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posted on 05 December 2017

Early Headlines: Asia Stocks Down, Dollar Up, Oil And Gold Flat, Bitcoin Bubble, US Nixes Refugee Pact, UK Bal Of Payments Falls, Japan Mfg Strengthens, China Winning Li Race, And More

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Early Bird Headlines 05 December 2017

Econintersect: Here are some of the headlines we found to help you start your day. For more headlines see our afternoon feature for GEI members, What We Read Today, published Monday, Wednesday and Friday, which has many more headlines and a number of article discussions to keep you abreast of what we have found interesting.


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  • Asia markets mostly lower, RBA keeps its cash rate unchanged (CNBC) Asia markets traded mostly lower in afternoon trade on Tuesday, as Australia's central bank met expectations by keeping its cash rate unchanged. The dollar traded at 93.085 against a basket of rivals, climbing from an earlier session low of 93.035. Oil prices traded near flat in the afternoon session on Tuesday, with U.S. crude trading at $57.48 a barrel. Global benchmark Brent traded at $62.42 at 2:01 p.m. HK/SIN. Spot gold was nearly unchanged at $1,275.24 an ounce and U.S. gold futures were steady at $1,277.90.


  • Stephen Roach, a widely regarded economist, had harsh words about bitcoin as an investment in a Tuesday interview with CNBC
  • "This is a dangerous speculative bubble by any shadow or stretch of the imagination," he said


  • Frustrated Trump lashes out at FBI (The Hill) President Trump is angry and frustrated over the removal of a senior FBI official from special counsel Robert Mueller’s team over alleged anti-Trump text messages, a development that surfaced after former national security adviser Michael Flynn’s guilty plea in the Russia investigation. People close to the White House say Trump’s frustration explains some of his tweets and statements lashing out at the FBI, but insist the president’s team is not shifting its legal strategy in response to the probe.
  • RNC reinstates support for Moore after Trump endorsement (The Hill) The Republican National Committee is reinstating its support of Alabama Senate candidate Roy Moore after initially cutting ties over allegations of sexual misconduct, two sources confirmed to The Hill Monday. Breitbart News first reported that the RNC had decided to step back into the race just hours after President Trump fully endorsed the controversial candidate.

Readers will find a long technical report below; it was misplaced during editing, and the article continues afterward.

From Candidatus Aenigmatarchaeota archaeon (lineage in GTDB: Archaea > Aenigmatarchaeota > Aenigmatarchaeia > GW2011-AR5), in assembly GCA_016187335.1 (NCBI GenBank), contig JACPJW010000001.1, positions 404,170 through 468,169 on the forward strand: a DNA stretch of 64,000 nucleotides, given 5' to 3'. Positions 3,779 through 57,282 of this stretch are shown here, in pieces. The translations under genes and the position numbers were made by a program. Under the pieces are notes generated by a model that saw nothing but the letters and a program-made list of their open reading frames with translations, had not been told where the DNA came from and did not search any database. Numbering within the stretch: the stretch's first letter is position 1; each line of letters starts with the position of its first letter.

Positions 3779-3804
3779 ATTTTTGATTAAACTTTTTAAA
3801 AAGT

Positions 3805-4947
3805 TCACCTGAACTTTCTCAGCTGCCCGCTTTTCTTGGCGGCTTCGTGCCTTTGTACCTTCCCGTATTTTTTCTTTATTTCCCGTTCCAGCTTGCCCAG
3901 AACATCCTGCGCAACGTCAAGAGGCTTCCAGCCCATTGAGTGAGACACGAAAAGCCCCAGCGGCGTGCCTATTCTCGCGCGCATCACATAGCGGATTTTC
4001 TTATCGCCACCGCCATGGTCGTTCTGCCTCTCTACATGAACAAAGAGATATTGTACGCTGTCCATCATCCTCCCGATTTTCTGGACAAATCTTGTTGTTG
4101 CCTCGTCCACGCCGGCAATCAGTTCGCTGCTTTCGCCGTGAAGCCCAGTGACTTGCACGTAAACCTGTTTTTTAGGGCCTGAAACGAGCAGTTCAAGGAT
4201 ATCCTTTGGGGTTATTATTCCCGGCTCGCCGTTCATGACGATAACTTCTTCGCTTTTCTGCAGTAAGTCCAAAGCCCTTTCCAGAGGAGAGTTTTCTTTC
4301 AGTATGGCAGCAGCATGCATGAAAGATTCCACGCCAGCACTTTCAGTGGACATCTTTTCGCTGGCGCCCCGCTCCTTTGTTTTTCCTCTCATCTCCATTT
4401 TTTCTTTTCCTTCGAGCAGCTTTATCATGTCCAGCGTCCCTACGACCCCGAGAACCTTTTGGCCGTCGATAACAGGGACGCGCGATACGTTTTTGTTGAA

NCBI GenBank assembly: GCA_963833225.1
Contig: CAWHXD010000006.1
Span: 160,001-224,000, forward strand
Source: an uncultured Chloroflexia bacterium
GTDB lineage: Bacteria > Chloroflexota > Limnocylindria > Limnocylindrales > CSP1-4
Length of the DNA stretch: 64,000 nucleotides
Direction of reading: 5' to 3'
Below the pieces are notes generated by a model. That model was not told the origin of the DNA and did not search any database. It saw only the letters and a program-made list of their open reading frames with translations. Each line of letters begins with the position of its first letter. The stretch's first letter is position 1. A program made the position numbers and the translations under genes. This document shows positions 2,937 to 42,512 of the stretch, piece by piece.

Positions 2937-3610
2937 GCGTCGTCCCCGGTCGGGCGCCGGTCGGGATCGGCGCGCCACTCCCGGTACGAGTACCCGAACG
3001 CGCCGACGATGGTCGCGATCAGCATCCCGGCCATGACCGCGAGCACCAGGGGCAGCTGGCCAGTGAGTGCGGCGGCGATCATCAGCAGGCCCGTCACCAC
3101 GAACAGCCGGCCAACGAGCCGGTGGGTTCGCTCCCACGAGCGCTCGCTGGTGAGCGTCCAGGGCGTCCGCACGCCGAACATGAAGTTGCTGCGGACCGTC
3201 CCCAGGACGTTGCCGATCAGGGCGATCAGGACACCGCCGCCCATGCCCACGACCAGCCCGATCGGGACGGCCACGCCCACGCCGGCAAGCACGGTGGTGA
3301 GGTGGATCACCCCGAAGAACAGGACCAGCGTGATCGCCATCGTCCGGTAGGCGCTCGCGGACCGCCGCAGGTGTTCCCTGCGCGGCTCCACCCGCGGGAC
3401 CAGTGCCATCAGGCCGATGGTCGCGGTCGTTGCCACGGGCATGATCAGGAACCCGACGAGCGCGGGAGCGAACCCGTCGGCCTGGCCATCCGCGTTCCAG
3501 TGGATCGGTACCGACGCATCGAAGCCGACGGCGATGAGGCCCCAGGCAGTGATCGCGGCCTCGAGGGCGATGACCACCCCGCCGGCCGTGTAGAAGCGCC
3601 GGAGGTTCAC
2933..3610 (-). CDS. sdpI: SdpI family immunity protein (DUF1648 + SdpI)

• Supreme court allows enforcement of Trump travel ban as appeals proceed (The Guardian) The US supreme court ruled on Monday that a ban ordered by Donald Trump on travelers from six Muslim-majority countries and two other countries could be immediately imposed while multiple court cases challenging the ban are resolved.

    The ultimate disposition of the ban was expected to take months to resolve. But the 7-2 ruling by the high court was a blow to anti-discrimination advocates, who vowed to protest the decision.

    The ban means that the United States would categorically refuse entry visas to prospective travelers from the countries of Chad, Iran, Libya, Somalia, Syria and Yemen, plus North Korea and Venezuela.

  • US pulls out of UN migrant and refugee pact (France 24) President Donald Trump's administration has withdrawn the United States from a United Nations pact to improve the handling of migrant and refugee situations, deeming it "inconsistent" with its policies, the US mission to the UN announced Saturday.
  • U.S. Tax Plan Will Have Negative Consequences (CNBC) Economist Stephen Roach says the GIO tax cuts as laid out in the new legislation are not needed and actually will cause some economic damage.